Leonardo Favio, who died on 5 November at the age of 74, was a film director, actor and singer and one of Argentina's most important cultural figures. Known for his romantic ballads, he helped to establish a genre later filled by many Latin American crooners. He was a film star in the 1950s and '60s, and then fled into exile when Argentina's military dictatorship took over in 1976. He returned after democracy was restored and made films celebrating his hero, General Juan Peron.
Born in the west of Argentina in 1938, he trained at a seminary and enlisted in the Navy before breaking into acting in Buenos Aires; his good looks helped establish him as the Argentinian James Dean. Wanting to move into directing, he made his first short film in the late 1950s.
The best known of his 11 films was Nazareno Cruz Y El Lobo (Nazarene Cross and the Wolf, 1975), in which the seventh son of a village couple is offered a fortune by the Devil in return for rejecting the girl with whom he has fallen in love, with the threat that if he refuses he will be turned into a wolf. It became the most popular film made in Argentina.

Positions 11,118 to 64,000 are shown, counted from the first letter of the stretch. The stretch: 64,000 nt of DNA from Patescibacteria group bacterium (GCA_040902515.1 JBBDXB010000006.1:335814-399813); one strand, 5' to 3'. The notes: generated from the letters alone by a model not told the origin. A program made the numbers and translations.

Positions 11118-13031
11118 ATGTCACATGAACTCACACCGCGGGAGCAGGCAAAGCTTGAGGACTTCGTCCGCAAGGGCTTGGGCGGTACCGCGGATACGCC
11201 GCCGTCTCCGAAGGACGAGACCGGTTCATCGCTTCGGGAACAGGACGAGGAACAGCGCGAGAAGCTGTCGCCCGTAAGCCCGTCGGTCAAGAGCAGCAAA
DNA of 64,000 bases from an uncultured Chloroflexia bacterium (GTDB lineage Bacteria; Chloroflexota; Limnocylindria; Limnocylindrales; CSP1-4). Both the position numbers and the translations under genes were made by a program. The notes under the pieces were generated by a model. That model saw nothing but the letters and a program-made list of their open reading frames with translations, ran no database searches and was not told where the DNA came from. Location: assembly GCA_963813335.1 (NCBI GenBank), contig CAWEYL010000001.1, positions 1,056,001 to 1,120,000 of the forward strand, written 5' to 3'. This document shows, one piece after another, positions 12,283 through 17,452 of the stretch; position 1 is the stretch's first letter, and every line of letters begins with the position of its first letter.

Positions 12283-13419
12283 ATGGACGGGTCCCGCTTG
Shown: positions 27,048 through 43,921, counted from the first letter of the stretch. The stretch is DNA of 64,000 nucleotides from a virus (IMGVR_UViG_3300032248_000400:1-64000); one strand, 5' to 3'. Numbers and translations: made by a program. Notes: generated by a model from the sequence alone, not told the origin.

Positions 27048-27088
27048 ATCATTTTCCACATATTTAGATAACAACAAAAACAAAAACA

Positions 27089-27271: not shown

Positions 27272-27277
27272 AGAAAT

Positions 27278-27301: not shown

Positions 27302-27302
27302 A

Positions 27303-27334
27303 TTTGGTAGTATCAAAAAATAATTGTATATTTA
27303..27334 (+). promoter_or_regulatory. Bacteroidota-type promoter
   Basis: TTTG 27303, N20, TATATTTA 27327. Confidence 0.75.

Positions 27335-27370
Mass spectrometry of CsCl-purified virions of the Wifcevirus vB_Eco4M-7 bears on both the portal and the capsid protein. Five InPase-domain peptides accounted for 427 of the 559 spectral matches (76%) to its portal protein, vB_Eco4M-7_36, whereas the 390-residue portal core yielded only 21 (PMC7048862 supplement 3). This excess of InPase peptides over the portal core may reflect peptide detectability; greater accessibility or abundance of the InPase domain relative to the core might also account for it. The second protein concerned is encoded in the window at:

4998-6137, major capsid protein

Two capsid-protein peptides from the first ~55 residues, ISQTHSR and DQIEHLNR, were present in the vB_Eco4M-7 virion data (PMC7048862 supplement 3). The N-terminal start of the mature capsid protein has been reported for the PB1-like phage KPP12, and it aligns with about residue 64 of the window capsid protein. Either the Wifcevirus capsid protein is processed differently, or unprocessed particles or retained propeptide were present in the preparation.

During the 1960s he also made his name as a singer-songwriter, and had several big hits in Latin America. His last film, The Good People, celebrates Argentina's bicentennial as well as the current government, which he supported.